Bryant, for his part, took the liberty of throwing the onus back on the media, a typical and easy response from a veteran of his fair share of teammate drama (Shaquille O’Neal …). He suggested that this has gone on all year, “people have been trying to hang on to stuff. He’s just got to go do his job, man. Just rebound, defend and we do our jobs and [fulfill] our roles on what we have to do to help us win. It’s not rocket science.”

That’s easier said than done when you’re on the receiving end of all of the verbal shots fired. Howard has been in retreat from the very start of this union and it almost feels like his father simply got fed up with his son being the scapegoat for all that’s gone wrong for the Lakers this season.

All that said, fathers often know their sons best. And there’s something else the elder Howard said about his son that speaks to the root of young Dwight’s issue with not only the Lakers but also with Los Angeles and his place in that fair city:

“L.A. has been like humble pie for him,” he said. “When you go from being the man in one city (Orlando) to second or third tier, it takes a toll on you mentally.”

Last I checked, Dwight Howard is the man who wanted out of Orlando. He was “the man” in that city but decided against remaining in that one city for whatever his reasons were then and are today. So if anyone is ultimately to blame for the hoops disaster that has unfolded in Los Angeles this season, “Junior” has to shoulder the bulk of that burden.

If there is a solution to be had,and at this point there is little faith that there is, it won’t come from fathers or mothers, girlfriends or cousins, Dr. Phil (the guy on TV, not Jackson) or Oprah or anyone else.

The only resolution to this issue will come from the two men at the center of it all. They need to resolve their issues, right the Lakers’ ship and guide this team into the postseason. Because if they don’t, the fallout will make all of this drama seem like child’s play compared to the firestorm that a crashed and burned season can bring in Los Angeles.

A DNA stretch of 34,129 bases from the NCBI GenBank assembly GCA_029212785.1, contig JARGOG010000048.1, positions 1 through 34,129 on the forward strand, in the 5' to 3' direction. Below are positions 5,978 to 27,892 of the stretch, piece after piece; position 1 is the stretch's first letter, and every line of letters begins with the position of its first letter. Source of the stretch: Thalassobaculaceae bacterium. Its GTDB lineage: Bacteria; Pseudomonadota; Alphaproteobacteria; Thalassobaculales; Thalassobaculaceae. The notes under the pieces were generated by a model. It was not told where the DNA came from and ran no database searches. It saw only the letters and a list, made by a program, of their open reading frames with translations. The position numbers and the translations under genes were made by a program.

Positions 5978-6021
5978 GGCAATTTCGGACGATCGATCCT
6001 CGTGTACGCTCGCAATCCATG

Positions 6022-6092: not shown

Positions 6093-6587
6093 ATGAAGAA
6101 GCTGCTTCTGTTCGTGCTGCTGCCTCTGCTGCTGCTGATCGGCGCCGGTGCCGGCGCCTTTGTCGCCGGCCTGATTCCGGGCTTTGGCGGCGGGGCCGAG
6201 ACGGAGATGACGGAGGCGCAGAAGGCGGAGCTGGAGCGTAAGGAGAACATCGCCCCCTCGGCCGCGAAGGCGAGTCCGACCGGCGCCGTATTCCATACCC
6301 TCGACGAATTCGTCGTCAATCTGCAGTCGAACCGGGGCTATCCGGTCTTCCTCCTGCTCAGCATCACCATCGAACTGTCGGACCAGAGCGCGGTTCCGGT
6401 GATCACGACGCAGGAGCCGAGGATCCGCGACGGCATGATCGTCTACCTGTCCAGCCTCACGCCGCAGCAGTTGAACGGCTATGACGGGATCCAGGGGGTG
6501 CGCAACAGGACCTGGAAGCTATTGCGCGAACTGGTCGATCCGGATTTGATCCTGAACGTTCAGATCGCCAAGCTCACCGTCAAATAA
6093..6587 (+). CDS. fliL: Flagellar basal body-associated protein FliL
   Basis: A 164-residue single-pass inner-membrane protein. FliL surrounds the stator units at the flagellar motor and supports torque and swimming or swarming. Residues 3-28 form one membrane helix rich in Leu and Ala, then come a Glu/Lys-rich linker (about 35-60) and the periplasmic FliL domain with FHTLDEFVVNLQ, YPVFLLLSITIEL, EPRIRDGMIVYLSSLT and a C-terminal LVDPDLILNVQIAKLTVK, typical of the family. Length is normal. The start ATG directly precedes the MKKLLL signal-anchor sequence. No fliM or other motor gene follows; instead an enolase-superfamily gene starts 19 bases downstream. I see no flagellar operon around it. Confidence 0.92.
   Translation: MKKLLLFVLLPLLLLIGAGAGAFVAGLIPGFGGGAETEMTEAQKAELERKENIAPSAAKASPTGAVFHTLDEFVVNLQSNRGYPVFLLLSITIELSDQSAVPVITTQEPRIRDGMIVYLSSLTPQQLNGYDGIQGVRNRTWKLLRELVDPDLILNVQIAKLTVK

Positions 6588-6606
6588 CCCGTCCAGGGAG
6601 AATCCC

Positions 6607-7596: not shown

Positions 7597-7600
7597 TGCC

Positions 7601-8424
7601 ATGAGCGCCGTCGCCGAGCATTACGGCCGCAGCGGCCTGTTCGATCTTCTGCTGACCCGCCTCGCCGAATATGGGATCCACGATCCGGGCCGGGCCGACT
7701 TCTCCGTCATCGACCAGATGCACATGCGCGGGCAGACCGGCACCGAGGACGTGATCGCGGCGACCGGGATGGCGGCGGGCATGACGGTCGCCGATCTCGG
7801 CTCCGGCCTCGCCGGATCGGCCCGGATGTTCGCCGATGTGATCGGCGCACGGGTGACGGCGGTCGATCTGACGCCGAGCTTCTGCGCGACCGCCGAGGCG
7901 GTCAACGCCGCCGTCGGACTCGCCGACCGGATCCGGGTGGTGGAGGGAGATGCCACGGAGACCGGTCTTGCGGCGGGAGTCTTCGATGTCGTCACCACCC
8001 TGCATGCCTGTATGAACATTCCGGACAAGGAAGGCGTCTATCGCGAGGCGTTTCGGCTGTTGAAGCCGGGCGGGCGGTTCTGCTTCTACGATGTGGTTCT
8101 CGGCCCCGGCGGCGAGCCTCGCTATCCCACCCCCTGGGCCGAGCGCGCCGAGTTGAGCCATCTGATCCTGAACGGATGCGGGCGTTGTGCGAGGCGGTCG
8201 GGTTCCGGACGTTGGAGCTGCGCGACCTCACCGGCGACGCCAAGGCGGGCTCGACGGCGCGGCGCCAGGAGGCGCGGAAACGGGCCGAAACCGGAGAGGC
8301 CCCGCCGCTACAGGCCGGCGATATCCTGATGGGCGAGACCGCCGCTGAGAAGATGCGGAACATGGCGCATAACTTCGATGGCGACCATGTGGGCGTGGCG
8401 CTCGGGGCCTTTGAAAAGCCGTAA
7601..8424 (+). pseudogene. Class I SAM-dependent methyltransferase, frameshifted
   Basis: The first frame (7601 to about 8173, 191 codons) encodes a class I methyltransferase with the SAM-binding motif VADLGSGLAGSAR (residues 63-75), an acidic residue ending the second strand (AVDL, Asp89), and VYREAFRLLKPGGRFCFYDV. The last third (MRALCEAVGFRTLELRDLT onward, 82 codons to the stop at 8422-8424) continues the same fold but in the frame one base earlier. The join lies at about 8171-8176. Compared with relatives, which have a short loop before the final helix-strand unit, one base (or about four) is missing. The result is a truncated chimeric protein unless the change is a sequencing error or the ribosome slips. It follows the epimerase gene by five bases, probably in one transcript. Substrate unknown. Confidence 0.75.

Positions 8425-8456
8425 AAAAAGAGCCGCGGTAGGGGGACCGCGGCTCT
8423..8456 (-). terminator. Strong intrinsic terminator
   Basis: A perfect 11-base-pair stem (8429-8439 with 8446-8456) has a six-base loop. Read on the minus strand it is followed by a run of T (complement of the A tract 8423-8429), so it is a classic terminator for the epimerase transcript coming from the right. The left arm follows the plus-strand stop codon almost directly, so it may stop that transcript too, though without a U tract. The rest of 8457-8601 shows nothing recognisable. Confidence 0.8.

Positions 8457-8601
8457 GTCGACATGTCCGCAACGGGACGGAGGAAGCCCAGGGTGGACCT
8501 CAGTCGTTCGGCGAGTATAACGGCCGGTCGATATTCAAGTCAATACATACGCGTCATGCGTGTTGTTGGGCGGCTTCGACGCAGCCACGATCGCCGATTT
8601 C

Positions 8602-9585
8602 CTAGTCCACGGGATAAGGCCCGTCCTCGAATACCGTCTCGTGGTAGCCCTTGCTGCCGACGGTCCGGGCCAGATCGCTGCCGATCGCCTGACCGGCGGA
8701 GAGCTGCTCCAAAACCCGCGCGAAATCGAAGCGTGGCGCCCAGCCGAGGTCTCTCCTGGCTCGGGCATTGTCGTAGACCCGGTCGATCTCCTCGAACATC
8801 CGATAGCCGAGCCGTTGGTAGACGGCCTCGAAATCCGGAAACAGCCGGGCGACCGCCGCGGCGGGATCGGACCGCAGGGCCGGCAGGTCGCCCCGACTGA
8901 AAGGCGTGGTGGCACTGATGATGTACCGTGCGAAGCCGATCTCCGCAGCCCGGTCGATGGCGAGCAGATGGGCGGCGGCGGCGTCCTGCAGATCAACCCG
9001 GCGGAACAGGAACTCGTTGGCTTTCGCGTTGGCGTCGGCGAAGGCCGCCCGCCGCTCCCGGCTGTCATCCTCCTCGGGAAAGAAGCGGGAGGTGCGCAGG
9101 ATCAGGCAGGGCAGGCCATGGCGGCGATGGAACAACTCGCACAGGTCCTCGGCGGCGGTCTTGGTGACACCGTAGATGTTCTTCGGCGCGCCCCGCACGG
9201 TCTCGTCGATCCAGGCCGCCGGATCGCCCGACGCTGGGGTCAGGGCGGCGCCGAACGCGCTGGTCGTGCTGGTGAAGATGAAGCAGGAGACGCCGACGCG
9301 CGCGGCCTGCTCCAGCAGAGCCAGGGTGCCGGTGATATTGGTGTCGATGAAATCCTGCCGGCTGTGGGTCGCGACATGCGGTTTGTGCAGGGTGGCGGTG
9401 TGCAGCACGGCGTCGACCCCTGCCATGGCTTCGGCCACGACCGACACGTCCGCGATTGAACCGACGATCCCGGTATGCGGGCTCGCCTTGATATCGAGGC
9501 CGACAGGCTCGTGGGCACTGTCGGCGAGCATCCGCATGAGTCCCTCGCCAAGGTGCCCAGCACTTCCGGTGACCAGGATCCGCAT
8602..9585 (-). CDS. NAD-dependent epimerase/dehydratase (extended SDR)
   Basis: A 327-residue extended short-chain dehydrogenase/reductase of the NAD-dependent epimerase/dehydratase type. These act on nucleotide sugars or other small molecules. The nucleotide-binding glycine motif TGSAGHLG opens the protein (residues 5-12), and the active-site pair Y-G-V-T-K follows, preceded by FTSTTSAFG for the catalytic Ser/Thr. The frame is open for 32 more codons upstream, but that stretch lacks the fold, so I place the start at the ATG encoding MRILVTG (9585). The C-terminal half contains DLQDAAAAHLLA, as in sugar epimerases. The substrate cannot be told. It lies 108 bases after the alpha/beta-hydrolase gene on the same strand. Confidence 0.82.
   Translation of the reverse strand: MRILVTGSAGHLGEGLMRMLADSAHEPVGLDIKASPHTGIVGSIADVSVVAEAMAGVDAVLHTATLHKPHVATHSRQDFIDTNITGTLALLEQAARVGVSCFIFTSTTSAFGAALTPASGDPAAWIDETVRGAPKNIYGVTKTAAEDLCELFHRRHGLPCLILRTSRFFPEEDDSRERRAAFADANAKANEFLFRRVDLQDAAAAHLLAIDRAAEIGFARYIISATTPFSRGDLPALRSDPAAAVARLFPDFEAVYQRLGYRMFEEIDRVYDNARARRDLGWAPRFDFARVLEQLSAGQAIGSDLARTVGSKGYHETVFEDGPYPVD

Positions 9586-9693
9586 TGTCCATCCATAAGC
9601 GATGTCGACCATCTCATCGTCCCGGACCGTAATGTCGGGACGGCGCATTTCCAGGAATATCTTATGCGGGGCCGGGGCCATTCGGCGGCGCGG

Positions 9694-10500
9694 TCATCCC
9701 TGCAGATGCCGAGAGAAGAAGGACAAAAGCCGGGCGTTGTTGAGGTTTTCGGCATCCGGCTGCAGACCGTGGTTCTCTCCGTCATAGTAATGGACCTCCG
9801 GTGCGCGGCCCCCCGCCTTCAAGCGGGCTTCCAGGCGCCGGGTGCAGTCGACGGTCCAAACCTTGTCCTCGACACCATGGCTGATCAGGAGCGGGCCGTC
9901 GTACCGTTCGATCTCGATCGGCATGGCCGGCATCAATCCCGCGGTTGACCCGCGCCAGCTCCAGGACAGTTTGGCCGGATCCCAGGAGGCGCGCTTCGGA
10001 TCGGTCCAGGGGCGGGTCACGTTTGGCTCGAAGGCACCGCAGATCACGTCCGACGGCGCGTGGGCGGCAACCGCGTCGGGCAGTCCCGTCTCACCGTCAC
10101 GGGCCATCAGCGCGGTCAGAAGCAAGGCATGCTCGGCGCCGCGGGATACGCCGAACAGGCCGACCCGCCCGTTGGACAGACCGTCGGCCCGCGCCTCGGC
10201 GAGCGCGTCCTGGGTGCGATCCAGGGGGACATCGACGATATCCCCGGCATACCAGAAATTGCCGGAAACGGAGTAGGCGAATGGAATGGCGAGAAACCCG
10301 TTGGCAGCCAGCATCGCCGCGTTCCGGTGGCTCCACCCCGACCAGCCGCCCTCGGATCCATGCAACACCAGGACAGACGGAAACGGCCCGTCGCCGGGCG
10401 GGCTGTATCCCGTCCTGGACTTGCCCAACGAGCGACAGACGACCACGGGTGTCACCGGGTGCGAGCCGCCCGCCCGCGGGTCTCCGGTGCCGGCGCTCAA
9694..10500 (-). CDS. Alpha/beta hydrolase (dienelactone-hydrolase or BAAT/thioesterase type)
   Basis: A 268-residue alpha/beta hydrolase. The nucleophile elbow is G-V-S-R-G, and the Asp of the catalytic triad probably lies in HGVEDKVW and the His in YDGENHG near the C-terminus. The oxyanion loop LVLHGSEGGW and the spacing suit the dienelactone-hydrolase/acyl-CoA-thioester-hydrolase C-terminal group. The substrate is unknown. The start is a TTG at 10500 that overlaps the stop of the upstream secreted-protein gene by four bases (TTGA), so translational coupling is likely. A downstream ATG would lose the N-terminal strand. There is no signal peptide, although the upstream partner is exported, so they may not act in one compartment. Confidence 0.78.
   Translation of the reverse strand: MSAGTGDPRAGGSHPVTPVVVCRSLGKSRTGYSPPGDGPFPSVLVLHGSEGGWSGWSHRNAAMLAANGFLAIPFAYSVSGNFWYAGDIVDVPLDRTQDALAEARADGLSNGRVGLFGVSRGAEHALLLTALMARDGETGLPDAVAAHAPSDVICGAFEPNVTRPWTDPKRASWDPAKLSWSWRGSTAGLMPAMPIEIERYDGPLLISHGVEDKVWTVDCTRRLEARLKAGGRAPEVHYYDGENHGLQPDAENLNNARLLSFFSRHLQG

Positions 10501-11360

Hawks Owner Calls Garnett “The Dirtiest Player In The League”





HANG TIME HEADQUARTERS – Not that this series needed any more fire, but those passionate fans the Hawks will see in Boston tonight got a little extra incentive from Atlanta.

When Hawks co-owner Michael Gearon called Celtics forward Kevin Garnett the “dirtiest player in the league” during a speech Wednesday, he tossed even more kindling onto an already raging fan fire.

It doesn’t matter that most of those fans in Boston wouldn’t be able to pick Gearon out of a lineup, or that his comments were supposedly made “off the record” during a luncheon sponsored by an Atlanta-based non-profit organization.

All anyone will know by tipoff of Game 6 tonight in Boston is that the other team’s owner called out the guy universally regarded as the emotional heart and soul of the Celtics the night before they have a chance to close out the Hawks and move on to the Eastern Conference semifinals.

And now that it’s all out there, courtesy of the Atlanta Journal-Constitution‘s D. Orlando Ledbetter, a NFL writer who happened to be in attendance at the luncheon, it gives the Hawks yet another mess to deal with on the day of what is no doubt the biggest game of their season. Check out exactly what the AJC reports that Gearon said and decide for yourself how big a mess this is: